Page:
IS THERE ANY GOOD NEWS? 

  • The market seems to be supporting small price increases among trusted brands, like Stack the States 2. Parents are now more willing to spend $2.99 or $3.99 for an app from a publisher they trust.
  • Bjorn Jefferey reminded the group that the installed base is increasing every day. “There will be a billion more new smart devices looking for apps over the next four years. This is an incredible macro trend, because we know that these screens will be a child’s first screen.”
  • One area of concensus that there needs to be more support from app stores, especially Apple, Google and Amazon. They need to understand that dealing with children isn’t always about increased revenue, and that their stores must do a better job helping customers to find and identify “premium” one-time cost apps. And perhaps apps that are “free” could really be called what they really are: samples.

One thing IS for sure, App Fatigue is real and many small publishers could use a hand.

REFERENCE

Buckleitner, W. (2016) A Cry for Help: Some Children’s App Publishers Are Getting “App Fatigue” Children’s Technology Review June 2016, page 2, 4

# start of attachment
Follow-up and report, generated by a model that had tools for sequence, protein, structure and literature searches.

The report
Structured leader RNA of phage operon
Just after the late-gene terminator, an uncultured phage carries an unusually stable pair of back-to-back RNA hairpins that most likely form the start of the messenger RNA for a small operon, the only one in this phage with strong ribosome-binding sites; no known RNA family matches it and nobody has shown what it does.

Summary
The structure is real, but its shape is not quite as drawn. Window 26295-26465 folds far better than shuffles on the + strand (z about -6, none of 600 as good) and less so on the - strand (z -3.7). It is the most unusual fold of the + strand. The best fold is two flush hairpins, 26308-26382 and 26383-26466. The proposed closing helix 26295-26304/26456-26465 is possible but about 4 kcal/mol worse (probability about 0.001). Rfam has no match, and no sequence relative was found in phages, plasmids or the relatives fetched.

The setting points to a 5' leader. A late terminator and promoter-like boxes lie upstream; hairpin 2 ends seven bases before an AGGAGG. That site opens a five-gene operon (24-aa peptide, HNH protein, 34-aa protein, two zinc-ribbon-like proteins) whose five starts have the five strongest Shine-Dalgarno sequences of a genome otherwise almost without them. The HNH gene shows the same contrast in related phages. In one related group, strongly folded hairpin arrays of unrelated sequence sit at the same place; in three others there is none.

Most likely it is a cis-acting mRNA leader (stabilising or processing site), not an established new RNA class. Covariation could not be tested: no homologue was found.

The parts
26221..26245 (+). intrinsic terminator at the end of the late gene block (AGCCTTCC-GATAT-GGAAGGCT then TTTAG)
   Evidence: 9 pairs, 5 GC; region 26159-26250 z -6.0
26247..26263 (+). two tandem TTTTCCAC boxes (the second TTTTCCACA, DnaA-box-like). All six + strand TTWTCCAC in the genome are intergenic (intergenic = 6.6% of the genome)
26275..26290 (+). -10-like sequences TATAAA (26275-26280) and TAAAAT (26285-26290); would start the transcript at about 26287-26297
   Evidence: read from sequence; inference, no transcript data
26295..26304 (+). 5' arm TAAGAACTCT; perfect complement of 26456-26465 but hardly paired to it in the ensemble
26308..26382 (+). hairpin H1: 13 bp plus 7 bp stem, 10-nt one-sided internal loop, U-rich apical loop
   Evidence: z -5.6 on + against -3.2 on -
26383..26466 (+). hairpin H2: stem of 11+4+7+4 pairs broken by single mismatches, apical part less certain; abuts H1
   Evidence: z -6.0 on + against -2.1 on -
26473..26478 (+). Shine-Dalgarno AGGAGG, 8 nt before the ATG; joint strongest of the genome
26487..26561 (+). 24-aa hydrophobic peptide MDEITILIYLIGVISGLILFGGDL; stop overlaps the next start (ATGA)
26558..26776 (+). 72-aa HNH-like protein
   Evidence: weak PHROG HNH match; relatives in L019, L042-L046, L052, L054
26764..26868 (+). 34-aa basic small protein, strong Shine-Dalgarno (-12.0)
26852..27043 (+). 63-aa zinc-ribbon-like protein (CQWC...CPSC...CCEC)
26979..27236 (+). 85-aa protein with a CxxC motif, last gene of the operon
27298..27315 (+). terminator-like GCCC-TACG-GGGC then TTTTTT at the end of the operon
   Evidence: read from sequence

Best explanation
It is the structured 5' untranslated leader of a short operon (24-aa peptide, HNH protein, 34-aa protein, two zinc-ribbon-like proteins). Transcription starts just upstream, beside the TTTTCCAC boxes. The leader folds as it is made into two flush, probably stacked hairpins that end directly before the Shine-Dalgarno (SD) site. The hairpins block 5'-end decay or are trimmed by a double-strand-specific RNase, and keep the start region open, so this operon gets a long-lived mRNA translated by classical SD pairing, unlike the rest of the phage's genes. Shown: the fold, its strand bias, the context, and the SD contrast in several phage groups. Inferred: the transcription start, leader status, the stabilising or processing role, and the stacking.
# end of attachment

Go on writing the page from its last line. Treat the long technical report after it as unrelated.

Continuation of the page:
Filed in: Libraries, News, Publishers, Research, Schools Tags: ,

Get Updates

Share This Post

Related Posts

3 Responses to "A Cry for Help: Some Children’s App Publishers Are Getting “App Fatigue”"

  1. Karen Nemeth says:

    What if a few of those fatigued app developers might be energized by taking a new direction to develop some apps for the population that nobody is paying attention to? If there are 11 million young children in the U.S. who are dual language learners and nobody is designing for them, that leaves a field of millions wide open for a few great developers to change the game. Sure, it’s tiring to keep pounding the same pavement, trying over and over again to get a small share of the same big market. I offer this suggestion: break out of your rut and come over to the language diversity side. There are millions of families and teachers who are not buying existing early childhood apps because of the language/culture barrier. You could be the one that paves the way for a whole new share of the market and you could take credit for opening the door to learning for millions of young children who often get shortchanged. And maybe funders and investors would be so amazed at your unique vision and social justice focus that they would compete with each other for your attention. I hope you’ll think about it because I’m tired too. I’m tired of saying to thousands of teachers, librarians and parents every year that there are no good apps to support young children who are dual language learners. They’re waiting and they’ll be really glad to see something new!

  2. buckleit says:

    Great comment Karen!! But it might be that we’re at a point where a publisher can’t justify the ROI (return on investment) necessary to get into the ELL space. We need to flag the successful (profitable) examples, for sure.

Leave a Reply

Submit Comment
*

© 2017 Children's Technology Review. All rights reserved.